For the same reasons you prioritize your health, you should emphasize the health and wellness of your team. When you take care of yourself, everyone on your team will be more productive, happier and more engaged. Your employees will also be absent less, which is great for your bottom line. How you go about taking care of your health and the health of your team is up to your discretion. But, here are some suggestions to get you started:

  • Create an employee wellness program.
  • Promote preventive care, like on-site flu shots.
  • Offer healthy lunches and snacks.
  • Encourage more exercise and movement, such as standing or walking meetings.
  • Spike ball at lunch, anyone?
  • Help employees curb vices, like banning smoking on company property.
  • Invest in ergonomic furniture.
  • Redesign the workplace so that it lets in more natural light. Also, place plants throughout the workplace. With viruses going around, I got a HEPA filter for the office. The team loved it.
  • Don't neglect your team's mental health. Offer counseling or access to meditation apps. Also, get to know your team members individually so you can help them solve problems that are impacting their well-being. For example, you could assist them with time management or guidance on how they can better manage their finances.

3. Focus on a qualitative, not quantitative, sense of purpose.

Your sense of purpose doesn't have to be oriented with hard numbers in business. When you move forward with the intention of qualitative advances and not quantitative, it's easier to see a purpose.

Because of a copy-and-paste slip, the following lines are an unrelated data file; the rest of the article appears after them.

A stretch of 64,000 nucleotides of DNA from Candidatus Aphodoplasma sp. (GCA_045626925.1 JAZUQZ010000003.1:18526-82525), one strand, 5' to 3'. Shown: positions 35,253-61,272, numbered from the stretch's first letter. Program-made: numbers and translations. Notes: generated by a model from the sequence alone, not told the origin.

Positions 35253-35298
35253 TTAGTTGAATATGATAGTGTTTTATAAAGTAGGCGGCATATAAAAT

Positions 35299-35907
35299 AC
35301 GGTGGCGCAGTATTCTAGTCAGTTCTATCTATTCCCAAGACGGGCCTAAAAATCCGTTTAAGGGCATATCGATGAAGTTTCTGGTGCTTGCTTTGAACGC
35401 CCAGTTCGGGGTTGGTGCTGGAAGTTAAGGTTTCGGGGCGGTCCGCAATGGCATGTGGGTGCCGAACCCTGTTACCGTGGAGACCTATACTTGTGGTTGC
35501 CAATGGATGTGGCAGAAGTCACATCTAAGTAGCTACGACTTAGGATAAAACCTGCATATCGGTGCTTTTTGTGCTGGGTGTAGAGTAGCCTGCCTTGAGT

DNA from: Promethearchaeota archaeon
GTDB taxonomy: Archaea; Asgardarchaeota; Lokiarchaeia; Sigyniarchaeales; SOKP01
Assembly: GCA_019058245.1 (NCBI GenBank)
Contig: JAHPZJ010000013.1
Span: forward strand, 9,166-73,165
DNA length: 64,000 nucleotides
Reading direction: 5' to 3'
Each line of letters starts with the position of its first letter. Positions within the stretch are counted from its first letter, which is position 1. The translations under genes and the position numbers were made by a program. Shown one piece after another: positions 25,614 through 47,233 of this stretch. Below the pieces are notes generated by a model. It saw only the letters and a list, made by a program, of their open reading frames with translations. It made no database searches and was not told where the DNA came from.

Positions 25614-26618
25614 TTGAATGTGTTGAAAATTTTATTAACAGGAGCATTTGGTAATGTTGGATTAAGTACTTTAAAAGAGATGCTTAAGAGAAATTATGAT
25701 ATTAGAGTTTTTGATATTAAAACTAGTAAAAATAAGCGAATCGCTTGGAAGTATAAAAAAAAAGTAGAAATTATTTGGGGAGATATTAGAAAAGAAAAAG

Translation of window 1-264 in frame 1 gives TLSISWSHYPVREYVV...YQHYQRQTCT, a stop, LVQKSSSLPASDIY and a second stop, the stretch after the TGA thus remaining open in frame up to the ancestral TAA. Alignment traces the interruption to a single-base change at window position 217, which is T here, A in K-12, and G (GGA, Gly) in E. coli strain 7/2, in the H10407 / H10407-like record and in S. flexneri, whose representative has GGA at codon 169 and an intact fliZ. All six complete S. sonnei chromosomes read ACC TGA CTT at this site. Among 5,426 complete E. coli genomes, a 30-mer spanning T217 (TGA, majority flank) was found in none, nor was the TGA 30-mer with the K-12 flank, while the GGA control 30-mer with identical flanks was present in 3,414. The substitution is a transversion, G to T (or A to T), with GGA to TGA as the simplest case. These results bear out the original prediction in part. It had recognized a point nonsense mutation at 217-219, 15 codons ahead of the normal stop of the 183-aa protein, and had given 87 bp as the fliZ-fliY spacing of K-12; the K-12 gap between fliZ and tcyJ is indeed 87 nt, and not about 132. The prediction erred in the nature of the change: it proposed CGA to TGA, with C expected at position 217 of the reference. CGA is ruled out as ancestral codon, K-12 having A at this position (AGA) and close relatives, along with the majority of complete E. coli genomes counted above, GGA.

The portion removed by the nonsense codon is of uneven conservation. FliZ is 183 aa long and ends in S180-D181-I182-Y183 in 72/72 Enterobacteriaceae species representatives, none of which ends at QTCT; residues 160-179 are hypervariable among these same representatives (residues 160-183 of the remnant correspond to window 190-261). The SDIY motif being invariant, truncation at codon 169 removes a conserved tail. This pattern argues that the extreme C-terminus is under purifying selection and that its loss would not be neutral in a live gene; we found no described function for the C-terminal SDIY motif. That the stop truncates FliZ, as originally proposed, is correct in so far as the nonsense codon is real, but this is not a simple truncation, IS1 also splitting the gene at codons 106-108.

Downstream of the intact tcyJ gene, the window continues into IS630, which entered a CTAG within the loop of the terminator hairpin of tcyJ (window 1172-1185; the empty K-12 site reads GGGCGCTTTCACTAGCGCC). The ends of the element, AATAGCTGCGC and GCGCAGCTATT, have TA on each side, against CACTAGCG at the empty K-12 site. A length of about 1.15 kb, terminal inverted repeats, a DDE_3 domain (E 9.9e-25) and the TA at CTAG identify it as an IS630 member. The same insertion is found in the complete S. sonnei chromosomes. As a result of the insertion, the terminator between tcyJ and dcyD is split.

In the Harvard Business Review, Ashwin Srinivasan and Bryan Kurey site a study about creating a culture of quality. The research was done by CEB (a subsidiary of Gartner). The study conducted extensive reviews of academic and practitioner research and surveyed more than 850 employees in a range of functions and industries and at all levels of seniority. The most notable takeaway was that many of the traditional strategies used to increase quality (like monetary incentives, training and sharing of best practices, for instance) have little effect on employees.

Instead, the CEB study found that companies taking a grassroots, peer-driven approach developed a culture of quality that resulted in employees who make fewer mistakes. Also, these companies spent far less time and money correcting mistakes and errors.

Don't get me wrong here: Things like the financial aspects of personal life and business are essential, but that's not what your people actually care about. It's not going to motivate them, either.

Related: Communicating Purpose Can Create a Boom in Business

4. Adopt people analytics.

Don't get too hung up on the term "analytics" here. People analytics is an easy concept to grasp: It's merely using data "to understand, improve and optimize the people side of the business."

One such example of this would be improving your hiring process through the use of artificial intelligence. Instead of spending too much time interviewing candidates one-on-one, AI-powered tools like Mya will prequalify candidates and reject those who don't meet your qualifications.

Another example of analytics that can help you would be identifying the skills gaps that your team needs to develop and how they're spending their time. Great tools will help your team get more done in less time and helps to take the stress off of individuals in your company.

What's more, people analytics can improve collaboration, engagement and decision-making among your team. These types of stress-relieving analytics can even boost morale by making it easier to find out what your teams' strengths and weaknesses are. Analytics will help you see the whole picture more clearly so you can appropriately praise and incentivize your people in the business.